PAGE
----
Archive for November 13th, 2013

The scorpion genus Diplocentrus Peters, 1861, comprising more than 50 species, most of

The scorpion genus Diplocentrus Peters, 1861, comprising more than 50 species, most of which are endemic to Mexico, is the most diverse in the family Diplocentridae Karsch, 1880 (Santibáñez-López et al., 2011). Hoffmann (1931) divided the Mexican species into two groups, the whitei group and the keyserlingi group, based largely on differences in size and coloration. Francke (1977) redefined these groups. The whitei group, renamed the mexicanus group because it included the type species of the genus, comprised species with short cheliceral fingers and the pedipalp femur wider than high. The keyserlingii group comprised species with long cheliceral fingers and the pedipalp femur higher than wide. Several new species of Diplocentrus were since described, but no attempt was made to synthesize the taxonomy of the species assigned to either group or further clarify the validity of the groups. In the present contribution, the species of Diplocentrus with the pedipalp femur higher than wide are reviewed. An operational diagnosis is provided for the keyserlingii group. Diplocentrus formosus Armas and Martín-Frías, 2003, previously synonymized with Diplocentrus tehuano Francke, 1977, is reinstated. Revised, updated diagnoses are provided for all previously described species and three new species, Diplocentrus kraepelini, n. sp., Diplocentrus sagittipalpus, n. sp., and Diplocentrus sissomi, n. sp., are described. The female of Diplocentrus mitlae Francke, 1977, is described for the first time. A dichotomous key is provided for identification of the 10 species in the keyserlingii group.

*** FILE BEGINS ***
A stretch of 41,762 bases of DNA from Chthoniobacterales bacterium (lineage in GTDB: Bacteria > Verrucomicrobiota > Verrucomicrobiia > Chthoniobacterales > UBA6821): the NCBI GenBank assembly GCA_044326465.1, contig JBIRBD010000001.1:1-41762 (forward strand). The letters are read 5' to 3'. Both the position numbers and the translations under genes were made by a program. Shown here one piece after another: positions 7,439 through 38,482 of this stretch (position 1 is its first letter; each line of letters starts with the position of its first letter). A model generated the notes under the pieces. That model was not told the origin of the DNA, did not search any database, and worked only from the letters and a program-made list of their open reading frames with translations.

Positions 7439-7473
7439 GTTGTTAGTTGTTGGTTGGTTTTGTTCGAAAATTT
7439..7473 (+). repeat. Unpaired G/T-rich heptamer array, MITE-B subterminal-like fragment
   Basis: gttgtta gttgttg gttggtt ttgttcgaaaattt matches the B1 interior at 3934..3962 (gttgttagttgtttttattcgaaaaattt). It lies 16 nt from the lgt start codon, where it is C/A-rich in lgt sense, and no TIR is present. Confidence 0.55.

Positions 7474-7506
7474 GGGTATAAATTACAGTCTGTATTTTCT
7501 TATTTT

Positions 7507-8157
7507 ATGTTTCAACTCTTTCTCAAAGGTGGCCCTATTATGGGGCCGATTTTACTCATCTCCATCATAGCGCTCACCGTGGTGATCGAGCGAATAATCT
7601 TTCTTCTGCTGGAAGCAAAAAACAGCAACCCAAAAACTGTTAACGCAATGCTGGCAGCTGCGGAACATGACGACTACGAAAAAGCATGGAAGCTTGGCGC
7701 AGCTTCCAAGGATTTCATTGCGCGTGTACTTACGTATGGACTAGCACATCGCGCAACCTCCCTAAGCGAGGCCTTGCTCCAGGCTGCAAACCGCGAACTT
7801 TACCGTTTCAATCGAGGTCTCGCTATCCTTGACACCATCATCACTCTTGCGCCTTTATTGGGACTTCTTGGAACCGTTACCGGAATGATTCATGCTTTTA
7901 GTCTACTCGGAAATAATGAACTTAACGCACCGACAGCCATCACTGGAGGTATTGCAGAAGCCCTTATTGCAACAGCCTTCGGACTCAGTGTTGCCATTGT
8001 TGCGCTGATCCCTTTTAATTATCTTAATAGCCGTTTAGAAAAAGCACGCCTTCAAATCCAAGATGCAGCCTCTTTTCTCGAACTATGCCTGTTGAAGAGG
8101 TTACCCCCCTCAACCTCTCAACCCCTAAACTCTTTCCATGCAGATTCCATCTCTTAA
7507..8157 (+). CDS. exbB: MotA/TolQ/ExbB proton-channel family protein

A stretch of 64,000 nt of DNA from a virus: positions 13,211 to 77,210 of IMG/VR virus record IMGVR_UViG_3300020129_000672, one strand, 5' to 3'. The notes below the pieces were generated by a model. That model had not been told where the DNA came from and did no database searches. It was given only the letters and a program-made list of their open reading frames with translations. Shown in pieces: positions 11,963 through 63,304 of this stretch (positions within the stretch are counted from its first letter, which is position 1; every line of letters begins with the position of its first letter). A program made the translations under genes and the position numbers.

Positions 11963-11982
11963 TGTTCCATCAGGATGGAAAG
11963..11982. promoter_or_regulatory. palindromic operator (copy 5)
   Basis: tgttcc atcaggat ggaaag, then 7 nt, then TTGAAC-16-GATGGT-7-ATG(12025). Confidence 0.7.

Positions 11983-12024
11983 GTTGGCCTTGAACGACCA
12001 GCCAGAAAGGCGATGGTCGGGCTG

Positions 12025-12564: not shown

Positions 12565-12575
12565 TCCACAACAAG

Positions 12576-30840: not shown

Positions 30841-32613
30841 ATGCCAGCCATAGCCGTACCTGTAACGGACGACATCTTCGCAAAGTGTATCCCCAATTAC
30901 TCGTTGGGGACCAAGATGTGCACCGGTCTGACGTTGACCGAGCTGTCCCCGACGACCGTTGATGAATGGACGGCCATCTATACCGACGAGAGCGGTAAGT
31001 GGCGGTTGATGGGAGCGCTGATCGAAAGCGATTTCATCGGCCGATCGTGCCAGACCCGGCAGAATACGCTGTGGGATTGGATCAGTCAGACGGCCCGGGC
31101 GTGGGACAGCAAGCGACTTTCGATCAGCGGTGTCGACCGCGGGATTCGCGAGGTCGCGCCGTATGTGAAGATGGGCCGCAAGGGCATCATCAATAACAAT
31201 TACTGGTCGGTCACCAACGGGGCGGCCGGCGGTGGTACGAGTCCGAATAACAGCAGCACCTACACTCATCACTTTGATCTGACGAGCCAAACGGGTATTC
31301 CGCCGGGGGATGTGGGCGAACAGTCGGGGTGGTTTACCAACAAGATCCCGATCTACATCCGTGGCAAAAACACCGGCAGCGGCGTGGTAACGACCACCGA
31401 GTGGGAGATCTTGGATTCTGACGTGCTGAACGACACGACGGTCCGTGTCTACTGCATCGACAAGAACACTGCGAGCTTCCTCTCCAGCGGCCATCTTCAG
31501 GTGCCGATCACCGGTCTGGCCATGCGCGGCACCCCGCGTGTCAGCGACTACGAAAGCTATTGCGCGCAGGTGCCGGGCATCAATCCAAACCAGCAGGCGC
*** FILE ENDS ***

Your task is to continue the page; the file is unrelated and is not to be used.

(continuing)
Centruroides franckei, n. sp. and Centruroides rodolfoi, n. sp. are described from Oaxaca, Mexico. These species belong to the(striped) group within the genus. Thirteen species of the genus are reported for the state, six of them belonging to the (striped)group (infamatus-nigrovariatus subgroup). Both new species are compared to their most morphological similar species. A map with the six (striped) (infamatus-nigrovariatus subgroup) species in the state is also provided.

Zootaxa 3734 (2): 130–140